Erin Fitzgerald is a community arts enthusiast and writer of stories, songs, and snapshots. Her creative work has been included in various journals, compilations, and anthologies. Her first book for young readers, Smart Butt: Scenes from a Bold-Faced Life (starring Earlene), was published in 2014 by MotesBooks. Erin is passionate about the power that can be found by exploring one’s own voice. She facilitates workshops and small group sessions in various community settings, encouraging others to explore their own strengths through creative expression. She lives in Louisville, KY with her brilliant children, who inspire her every day. You can listen to Erin’s Accents Radio interview with Katerina Stoykova-Klemer, here!
Tell us some about Smart Butt: Scenes from a Bold-Faced Life (Starring Earlene).
This book could be described as a short novel – because of the intended audience (kids in grades 4-6) – but is more the length of a novella. I say its intended audience is “middle grade” readers, but of course the hope is that it appeals to a wider audience as well. I have gotten positive feedback from adult readers, so I take that as a good sign. Earlene is the main character, and she is just turning 12 years old. She lives with her Mom, her Aunt Nettie, and her younger brother Arlo. She also bonds with a homeless (by choice) neighborhood dog named Tripod, who steals her heart. Earlene is dealing with some tough stuff within her family, as do many kids out there. Her mother is in recovery, her dad is in jail, and she has had a lot of responsibility for a child her age. The book is written in Earlene’s voice, and the focus of the book is hard to nail down. It fluctuates between her complex relationships with family members, to situations with Tripod, to navigating the social dynamics of her neighborhood and school. It is written in very short chapters – a series of snapshots, really – but there is also a thread or story arc that connects the pieces. That story arc focuses largely on the dynamic with her mom, and her relationship with Tripod.
When was the moment you knew you needed to write this book?
I knew I wanted to write from this voice in 2011, not long after taking a Writing for Children class with George Ella Lyon at Hindman Writers’ Workshop. Some variation of Earlene’s voice emerged during that week, and in the following months she showed up more and more in my life and in my writing. Eventually, she demanded a book. What choice did I have, at that point?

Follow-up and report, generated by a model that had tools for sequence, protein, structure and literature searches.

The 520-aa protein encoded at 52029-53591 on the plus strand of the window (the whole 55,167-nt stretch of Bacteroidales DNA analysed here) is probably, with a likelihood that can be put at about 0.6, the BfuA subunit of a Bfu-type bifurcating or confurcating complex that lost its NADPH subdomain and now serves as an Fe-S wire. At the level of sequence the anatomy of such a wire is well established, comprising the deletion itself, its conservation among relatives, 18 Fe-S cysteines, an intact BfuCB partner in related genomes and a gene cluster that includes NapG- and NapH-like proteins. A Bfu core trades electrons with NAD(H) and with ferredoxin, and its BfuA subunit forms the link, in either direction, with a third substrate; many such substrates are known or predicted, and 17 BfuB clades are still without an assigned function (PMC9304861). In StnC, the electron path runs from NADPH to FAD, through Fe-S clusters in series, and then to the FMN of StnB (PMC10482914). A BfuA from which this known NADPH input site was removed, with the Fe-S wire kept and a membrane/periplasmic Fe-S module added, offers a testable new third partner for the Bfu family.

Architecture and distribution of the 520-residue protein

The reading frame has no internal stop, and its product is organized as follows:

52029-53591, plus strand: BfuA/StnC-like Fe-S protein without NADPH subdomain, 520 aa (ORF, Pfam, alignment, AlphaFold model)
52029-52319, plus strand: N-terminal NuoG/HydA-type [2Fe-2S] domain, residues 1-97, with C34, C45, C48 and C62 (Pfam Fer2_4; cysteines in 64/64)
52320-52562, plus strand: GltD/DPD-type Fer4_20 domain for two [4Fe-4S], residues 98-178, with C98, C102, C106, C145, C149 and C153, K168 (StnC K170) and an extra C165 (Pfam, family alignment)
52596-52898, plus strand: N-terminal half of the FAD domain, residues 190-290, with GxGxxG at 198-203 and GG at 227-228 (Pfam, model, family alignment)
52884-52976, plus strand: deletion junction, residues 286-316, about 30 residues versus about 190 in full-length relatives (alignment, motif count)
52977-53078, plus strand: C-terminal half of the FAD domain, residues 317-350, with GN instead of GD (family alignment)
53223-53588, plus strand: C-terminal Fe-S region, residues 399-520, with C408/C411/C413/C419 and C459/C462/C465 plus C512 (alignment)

What was the most difficult scene to write?
There is a chapter called “Resting Place” which is followed by a chapter called “Close to Home,” and I think those were the two most difficult parts to write. The first is more of a single scene, and the second involves a quick progression of scenes, but both are near the end and include a lot of stuff in a short amount of space. A lot of ponderings there, and the culmination of various themes and storylines, so it was pretty intense to tackle.
Which character was the most challenging to pin down?
That’s hard to say. Earlene’s arch-nemesis at school, Penny Wellington, was pretty challenging to pin down. Not so much writing her scenes, but getting inside her head and examining the reasons why she may have done certain things the way she did. And it was a tricky balance to explore that without wrapping things up too neatly, or revealing more than ought to be revealed about her motives. As I was in the revision process, I realized I needed to further explore her character after the initial draft, and include some (but not all) of that exploration in the final draft, so that was a challenge.
Where can we buy your book?
Smart Butt is available at Carmichael’s Bookstore (Louisville, KY), The Morris Book Shop (Lexington, KY), and on Amazon.
Schools, libraries, and regular wholesale customers may order from Ingram, or directly from MotesBooks at: order@MotesBooks.com
Anything else you’d like the readers to know?
The book was published by MotesBooks in the summer of 2014. No readings scheduled right now, but I am currently working with a couple of local actors to develop a short play adaptation of Smart Butt, to be performed for school and community groups. I am both intimidated by and excited about that project.
Do you have a favorite conference to attend? What is it?
I really enjoy the Mountain Heritage Literary Festival at Lincoln Memorial University (LMU) in the summer. I especially enjoy the Cumberland Gap Writers Studio, which takes place the week after the festival. The festival is a jam-packed weekend of classes, short sessions, readings, lectures, and presentations of all kinds. There are also great music gatherings in the evenings, which I love. The weekend is inspiring, but honestly a bit overwhelming by the third day, if you’re an introvert. Once the festival ends and most people leave, a smaller group stays back for a mostly unstructured week of writing in the same setting, with some sharing of work in the evenings. It is the ideal scenario, really. Get inspired by a flurry of literary sessions, and then afterward just take time to breathe and write. I am excited to revisit that element this year.
Do you work with a writing group? How’d you guys meet?